Ha! I’ll bet you thought you’d be rid of me for a while, what with Bouchercon and all. No such luck. There are still readers of this blog who need servicing. (I hope using the plural was not overoptimistic, and that some of the less generate of you don’t take that “servicing” comment the wrong way.)
Fortunately for all of us, Larry Matthews has graciously consented to sit for Twenty Questions in my absence. Larry is a former broadcast journalist and recipient of the George Foster Peabody Award for Excellence in Broadcasting, the DuPont-Columbia Citation, and many other national and regional awards for his investigative reporting. His memoir, I Used to Be In Radio, was praised as "a funny and moving page-turner" and "a must-read in journalism schools, especially for those who aspire to be investigative reporters."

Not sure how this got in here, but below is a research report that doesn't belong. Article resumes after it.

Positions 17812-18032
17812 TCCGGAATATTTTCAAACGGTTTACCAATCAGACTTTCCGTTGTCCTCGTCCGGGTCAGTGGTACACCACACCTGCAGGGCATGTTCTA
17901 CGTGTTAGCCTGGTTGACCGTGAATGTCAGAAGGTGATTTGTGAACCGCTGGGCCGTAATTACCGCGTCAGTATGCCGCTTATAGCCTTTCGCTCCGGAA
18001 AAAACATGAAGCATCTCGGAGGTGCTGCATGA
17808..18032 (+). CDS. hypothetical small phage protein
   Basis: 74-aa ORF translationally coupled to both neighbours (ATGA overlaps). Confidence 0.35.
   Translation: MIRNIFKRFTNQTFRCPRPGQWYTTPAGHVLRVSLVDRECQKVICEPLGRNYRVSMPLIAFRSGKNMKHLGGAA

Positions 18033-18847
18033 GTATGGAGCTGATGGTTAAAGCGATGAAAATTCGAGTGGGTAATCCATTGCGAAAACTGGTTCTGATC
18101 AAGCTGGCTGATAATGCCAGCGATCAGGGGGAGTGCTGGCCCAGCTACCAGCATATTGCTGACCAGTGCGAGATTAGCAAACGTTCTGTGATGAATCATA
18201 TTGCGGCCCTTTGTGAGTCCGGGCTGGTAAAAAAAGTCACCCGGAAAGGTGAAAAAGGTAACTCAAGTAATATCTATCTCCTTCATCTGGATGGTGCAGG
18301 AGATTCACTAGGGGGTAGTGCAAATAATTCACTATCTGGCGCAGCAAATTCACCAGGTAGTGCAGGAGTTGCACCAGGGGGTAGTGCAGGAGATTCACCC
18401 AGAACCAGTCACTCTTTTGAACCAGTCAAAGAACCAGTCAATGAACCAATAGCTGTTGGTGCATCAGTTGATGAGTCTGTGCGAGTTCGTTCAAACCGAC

Detonator is his latest thriller to feature investigative reporter Dave Haggard, following Butterfly Knife and Brass Knuckles. In Detonator, Haggard works to thwart a terrorist plan to blow up Nationals Park in Washington. New York Times best-selling author D.L. Wilson says of Detonator "... powerful characters, fascinating scenes, and great technical research and content." The Washington Independent Review of Books says "Detonator works...and more!"
One Bite at a Time: Tell us about Detonator.
Larry Matthews: Detonator is the third Dave Haggard thriller. Dave is an investigative reporter for a public broadcasting outlet in Washington. In Detonator he investigates a plot to blow up Nationals Park during a sold out game. As usual, he barely escapes with his life.